Genetics and molecular biology of alzheimer's disease and frontotemporal lobar degeneration

Analogies and differences

Research output: Chapter in Book/Report/Conference proceedingChapter

Abstract

Alzheimer's disease (AD) is the most common cause of dementia in the elderly, whereas Frontotemporal Lobar Degeneration (FTLD) is the most frequent neurodegenerative disorder with a presenile onset. The two major neuropathologic hallmarks of AD are extracellular Amyloid beta (Aβ) plaques and intracellular neurofibrillary tangles (NFTs). Conversely, in FTLD the deposition of tau has been observed in a number of cases, but in several brains there is no deposition of tau but instead a positivity for ubiquitin. In some families these diseases are inherited in an autosomal dominant fashion. Genes responsible for familial AD include the Amyloid Precursor Protein (APP), Presenilin 1 (PS1) and Presenilin 2 (PS2). The majority of mutations in these genes are often associated with a very early onset (40-50 years of age). Regarding FTLD, the first mutations described are located in the Microtubule Associated Protein Tau gene (MAPT). Tau is a component of microtubules, which represent the internal support structures for the transport of nutrients, vesiclces, mitochondria and chromosomes within the cell. Mutations in MAPT are associated with an early onset of the disease (40-50 years), and the clinical phenotype is consistent with Frontotemporal Dementia (FTD). Recently, mutations in a second gene, named progranulin (GRN), have been identified in some families with FTLD. Progranulin is expressed in neurons and microglia and displays anti-inflammatory properties. Nevertheless, it can be cleaved into granulins which, conversely, show inflammatory properties. The pathology associated with these mutations is most frequently characterized by the immunostaining of TAR DNA Binding Protein 43 (TDP-43), which is a transcription factor. The clinical phenotype associated with GRN mutations is highly heterogeneous, including FTD, Progressive Aphasia, Corticobasal Syndrome, and AD. Age at disease onset is variable, ranging from 45 to 85 years of age. The majority of cases of AD and FTLD are however sporadic, and likely several genetic and environmental factors contribute to their development. Concerning AD, it is known that the presence of the ε4 allele of the Apolipoprotein E gene is a susceptibility factor, increasing the risk of about 4 fold. A number of additional genetic factors, including cytokines, chemokines, Nitric Oxide Synthases, contribute to the susceptibility for the disease. Some of them also influence the risk to develop FTLD. In this chapter, current knowledge on molecular mechanisms at the basis of AD and FTLD, as well as the role of genetics, will be presented and discussed.

Original languageEnglish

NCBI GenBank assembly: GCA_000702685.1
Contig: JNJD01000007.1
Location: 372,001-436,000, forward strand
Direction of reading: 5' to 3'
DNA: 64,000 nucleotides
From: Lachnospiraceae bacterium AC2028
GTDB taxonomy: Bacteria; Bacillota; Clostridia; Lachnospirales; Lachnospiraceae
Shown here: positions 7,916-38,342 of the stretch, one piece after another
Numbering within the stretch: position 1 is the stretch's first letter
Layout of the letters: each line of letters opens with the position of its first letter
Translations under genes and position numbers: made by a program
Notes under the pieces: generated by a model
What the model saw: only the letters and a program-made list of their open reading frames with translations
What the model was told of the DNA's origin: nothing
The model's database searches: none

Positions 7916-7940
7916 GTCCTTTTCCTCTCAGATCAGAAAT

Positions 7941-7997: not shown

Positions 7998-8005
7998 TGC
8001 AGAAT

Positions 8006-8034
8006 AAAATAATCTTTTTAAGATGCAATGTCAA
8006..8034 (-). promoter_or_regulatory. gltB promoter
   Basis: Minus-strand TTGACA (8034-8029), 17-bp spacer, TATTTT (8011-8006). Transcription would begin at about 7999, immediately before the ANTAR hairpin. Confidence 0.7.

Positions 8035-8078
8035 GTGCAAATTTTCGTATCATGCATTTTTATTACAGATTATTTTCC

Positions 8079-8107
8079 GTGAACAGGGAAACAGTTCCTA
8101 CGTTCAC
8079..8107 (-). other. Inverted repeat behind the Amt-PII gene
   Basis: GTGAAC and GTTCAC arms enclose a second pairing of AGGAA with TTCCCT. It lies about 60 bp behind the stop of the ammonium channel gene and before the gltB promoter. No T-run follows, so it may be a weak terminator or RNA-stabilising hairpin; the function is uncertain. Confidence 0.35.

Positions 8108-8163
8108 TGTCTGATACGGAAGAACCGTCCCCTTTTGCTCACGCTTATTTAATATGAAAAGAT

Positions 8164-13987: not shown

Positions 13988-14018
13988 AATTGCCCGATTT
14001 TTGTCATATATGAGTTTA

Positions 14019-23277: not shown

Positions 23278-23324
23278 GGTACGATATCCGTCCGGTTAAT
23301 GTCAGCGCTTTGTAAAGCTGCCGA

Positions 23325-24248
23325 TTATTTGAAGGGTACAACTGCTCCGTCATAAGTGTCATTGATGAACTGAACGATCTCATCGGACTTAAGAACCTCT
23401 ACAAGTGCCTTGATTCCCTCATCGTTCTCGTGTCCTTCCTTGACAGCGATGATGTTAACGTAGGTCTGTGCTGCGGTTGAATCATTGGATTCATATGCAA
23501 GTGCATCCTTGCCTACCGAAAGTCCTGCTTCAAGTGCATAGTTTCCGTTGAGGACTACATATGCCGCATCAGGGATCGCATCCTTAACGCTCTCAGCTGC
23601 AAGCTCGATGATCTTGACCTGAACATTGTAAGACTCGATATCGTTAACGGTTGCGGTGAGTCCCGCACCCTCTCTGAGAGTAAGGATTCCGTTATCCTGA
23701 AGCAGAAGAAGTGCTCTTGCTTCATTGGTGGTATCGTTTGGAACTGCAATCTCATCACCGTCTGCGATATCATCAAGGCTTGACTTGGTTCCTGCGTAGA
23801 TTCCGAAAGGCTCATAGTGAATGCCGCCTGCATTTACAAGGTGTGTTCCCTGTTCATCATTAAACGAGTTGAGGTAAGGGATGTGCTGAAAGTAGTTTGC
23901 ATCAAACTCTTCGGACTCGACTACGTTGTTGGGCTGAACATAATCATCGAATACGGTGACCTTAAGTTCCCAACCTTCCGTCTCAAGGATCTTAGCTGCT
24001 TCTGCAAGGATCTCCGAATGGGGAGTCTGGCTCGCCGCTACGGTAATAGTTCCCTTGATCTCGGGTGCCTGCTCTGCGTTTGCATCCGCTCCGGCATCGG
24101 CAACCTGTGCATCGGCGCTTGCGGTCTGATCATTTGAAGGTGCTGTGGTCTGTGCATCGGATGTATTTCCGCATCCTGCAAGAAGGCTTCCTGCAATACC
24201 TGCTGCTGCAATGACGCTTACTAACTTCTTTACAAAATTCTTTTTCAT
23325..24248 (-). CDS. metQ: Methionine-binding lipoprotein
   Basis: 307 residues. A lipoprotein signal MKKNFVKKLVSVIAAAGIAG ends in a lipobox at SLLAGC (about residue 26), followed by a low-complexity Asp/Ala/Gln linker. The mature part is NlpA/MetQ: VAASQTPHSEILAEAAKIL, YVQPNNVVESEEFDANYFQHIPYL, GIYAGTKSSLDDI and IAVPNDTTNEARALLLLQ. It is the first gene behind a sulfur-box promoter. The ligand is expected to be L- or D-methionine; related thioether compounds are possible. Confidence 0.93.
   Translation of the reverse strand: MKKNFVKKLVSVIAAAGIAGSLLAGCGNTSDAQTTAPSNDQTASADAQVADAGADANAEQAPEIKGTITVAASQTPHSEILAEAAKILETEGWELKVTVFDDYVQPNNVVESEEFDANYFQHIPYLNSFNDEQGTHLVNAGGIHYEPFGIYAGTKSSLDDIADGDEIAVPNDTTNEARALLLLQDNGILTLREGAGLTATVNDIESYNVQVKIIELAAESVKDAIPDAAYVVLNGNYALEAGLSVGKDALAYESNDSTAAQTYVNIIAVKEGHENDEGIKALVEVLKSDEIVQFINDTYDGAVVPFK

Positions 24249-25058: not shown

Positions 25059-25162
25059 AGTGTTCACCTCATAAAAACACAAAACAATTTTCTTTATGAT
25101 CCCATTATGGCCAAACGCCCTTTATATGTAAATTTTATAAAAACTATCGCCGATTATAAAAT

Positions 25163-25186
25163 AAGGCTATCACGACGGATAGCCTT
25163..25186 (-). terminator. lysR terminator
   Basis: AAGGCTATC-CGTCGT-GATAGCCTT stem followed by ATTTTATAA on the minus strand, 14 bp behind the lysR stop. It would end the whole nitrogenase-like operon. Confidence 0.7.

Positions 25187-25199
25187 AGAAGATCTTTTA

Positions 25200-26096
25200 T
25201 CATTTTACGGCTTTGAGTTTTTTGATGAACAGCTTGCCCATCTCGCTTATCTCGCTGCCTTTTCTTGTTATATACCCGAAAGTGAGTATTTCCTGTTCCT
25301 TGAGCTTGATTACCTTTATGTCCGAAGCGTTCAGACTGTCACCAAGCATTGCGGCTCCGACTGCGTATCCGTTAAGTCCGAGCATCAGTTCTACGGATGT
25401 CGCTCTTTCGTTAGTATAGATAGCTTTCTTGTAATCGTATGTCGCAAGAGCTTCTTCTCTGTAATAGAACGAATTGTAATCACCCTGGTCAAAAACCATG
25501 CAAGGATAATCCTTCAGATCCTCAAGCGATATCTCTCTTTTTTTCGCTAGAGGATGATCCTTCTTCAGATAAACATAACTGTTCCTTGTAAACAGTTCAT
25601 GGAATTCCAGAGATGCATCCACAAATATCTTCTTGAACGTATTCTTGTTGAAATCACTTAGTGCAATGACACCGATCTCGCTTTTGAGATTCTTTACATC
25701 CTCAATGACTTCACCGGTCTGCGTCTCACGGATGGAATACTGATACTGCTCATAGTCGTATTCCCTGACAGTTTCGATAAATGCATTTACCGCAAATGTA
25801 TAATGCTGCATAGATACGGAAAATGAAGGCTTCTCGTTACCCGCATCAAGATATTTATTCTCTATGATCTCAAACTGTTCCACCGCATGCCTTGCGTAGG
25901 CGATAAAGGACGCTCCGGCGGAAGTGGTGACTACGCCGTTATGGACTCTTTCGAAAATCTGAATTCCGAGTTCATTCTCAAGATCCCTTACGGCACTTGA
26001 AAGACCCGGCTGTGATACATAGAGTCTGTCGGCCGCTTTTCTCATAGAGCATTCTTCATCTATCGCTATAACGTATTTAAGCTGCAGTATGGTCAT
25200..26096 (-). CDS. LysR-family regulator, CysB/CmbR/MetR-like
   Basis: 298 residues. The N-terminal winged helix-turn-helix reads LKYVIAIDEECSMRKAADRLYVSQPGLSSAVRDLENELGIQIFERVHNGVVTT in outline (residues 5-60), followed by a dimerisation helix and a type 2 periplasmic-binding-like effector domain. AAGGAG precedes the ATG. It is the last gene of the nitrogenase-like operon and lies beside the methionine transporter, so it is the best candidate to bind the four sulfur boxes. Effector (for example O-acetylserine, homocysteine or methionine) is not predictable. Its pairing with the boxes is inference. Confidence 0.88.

Title of host publicationNeurodegeneration: Theory, Disorders and Treatments
PublisherNova Science Publishers, Inc.
Pages173-188
Number of pages16
ISBN (Print)9781617611193
Publication statusPublished - 2011

Fingerprint

Frontotemporal Lobar Degeneration
Molecular Biology
Alzheimer Disease
Mutation
Genes
Frontotemporal Dementia
Microtubule-Associated Proteins
Presenilin-2
Presenilin-1
Apolipoprotein E4
Phenotype
Neurofibrillary Tangles
Amyloid beta-Protein Precursor
Aphasia
Disease Susceptibility
DNA-Binding Proteins
Microglia
Ubiquitin
Age of Onset
Chemokines

ASJC Scopus subject areas

  • Medicine(all)
  • Neuroscience(all)

Cite this

Galimberti, D., Fenoglio, C., & Scarpini, E. (2011). Genetics and molecular biology of alzheimer's disease and frontotemporal lobar degeneration: Analogies and differences. In Neurodegeneration: Theory, Disorders and Treatments (pp. 173-188). Nova Science Publishers, Inc..

Genetics and molecular biology of alzheimer's disease and frontotemporal lobar degeneration : Analogies and differences. / Galimberti, Daniela; Fenoglio, Chiara; Scarpini, Elio.

Neurodegeneration: Theory, Disorders and Treatments. Nova Science Publishers, Inc., 2011. p. 173-188.

Research output: Chapter in Book/Report/Conference proceedingChapter

Galimberti, D, Fenoglio, C & Scarpini, E 2011, Genetics and molecular biology of alzheimer's disease and frontotemporal lobar degeneration: Analogies and differences. in Neurodegeneration: Theory, Disorders and Treatments. Nova Science Publishers, Inc., pp. 173-188.
Galimberti D, Fenoglio C, Scarpini E. Genetics and molecular biology of alzheimer's disease and frontotemporal lobar degeneration: Analogies and differences. In Neurodegeneration: Theory, Disorders and Treatments. Nova Science Publishers, Inc. 2011. p. 173-188
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